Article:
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e.g. Sheerness, Burnley, Boston, Dudley

The ‘authoritarian footprint’ cluster is based in part on HNH data, both about the electoral record of UKIP and the far-right, and about online and offline far-right activism. We specifically focused on local elections when developing this cluster – not on Westminster or European elections – as ward data provides the granularity to extrapolate to town level. This meant Brexit Party results are not included. 

The cluster includes 37 towns matching all criteria. These are places where authoritarian parties and far-right activists have had success both at the ballot box and beyond. 
As we can see, many of the sites for this cluster are in the North West and along the Thames Estuary. There is some variety within the grouping, and it includes seaside towns successfully targeted by UKIP in the 2010s, as well as areas courted by the BNP in the 2000s. There have also been substantial instances of street organising or digital activism in these towns.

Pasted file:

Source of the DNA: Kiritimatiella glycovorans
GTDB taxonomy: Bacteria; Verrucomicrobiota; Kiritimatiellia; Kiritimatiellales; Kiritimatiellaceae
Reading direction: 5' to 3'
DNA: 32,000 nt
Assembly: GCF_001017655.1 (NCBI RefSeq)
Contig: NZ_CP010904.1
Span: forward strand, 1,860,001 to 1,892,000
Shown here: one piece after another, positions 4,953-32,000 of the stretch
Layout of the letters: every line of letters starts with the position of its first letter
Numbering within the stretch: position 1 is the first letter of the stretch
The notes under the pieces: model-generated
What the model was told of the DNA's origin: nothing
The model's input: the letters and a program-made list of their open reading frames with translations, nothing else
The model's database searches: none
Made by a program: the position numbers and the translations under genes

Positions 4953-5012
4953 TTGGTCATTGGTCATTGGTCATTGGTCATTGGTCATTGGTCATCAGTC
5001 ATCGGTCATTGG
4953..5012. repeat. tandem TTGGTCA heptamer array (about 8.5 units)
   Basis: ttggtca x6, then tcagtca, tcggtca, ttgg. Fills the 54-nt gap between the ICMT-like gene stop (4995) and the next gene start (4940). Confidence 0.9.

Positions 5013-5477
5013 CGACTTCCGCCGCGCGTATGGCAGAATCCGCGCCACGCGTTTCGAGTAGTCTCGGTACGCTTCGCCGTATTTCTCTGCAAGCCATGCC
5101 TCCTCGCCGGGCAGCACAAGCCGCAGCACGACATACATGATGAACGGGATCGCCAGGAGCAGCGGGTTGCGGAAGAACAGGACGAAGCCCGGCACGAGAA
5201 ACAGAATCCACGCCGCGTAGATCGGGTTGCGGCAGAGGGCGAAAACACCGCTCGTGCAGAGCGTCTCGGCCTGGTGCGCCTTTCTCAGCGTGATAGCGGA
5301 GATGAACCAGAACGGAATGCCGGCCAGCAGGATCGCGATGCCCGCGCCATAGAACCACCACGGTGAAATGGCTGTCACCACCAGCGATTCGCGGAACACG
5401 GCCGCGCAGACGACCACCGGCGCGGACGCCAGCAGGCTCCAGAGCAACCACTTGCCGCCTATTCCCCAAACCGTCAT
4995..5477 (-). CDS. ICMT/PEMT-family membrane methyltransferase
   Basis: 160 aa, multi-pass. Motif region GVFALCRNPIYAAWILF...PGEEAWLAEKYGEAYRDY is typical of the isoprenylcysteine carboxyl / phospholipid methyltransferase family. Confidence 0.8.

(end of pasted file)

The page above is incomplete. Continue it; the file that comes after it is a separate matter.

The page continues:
There is a question, with all of these places, about whether a historic ‘authoritarian footprint’ is likely to make an area more vigilant against racism, or to make it more ready to follow the same path again. 

There are certainly many instances where the former is the case, and a far-right spike has acted as a spur for a community to drive out racist elements. However, it seems equally likely that, despite electoral defeat or the collapse of street movements, the capacity for resentments to re- surface remains more acute in places where they have appeared before. 

As our ‘in focus’ look at mill towns suggests (page 76) some of the best approaches in towns with an ‘authoritarian footprint’ will acknowledge the challenges of the past, and to develop inclusive narratives that make a virtue of how a place has learned from the experience and changed. 

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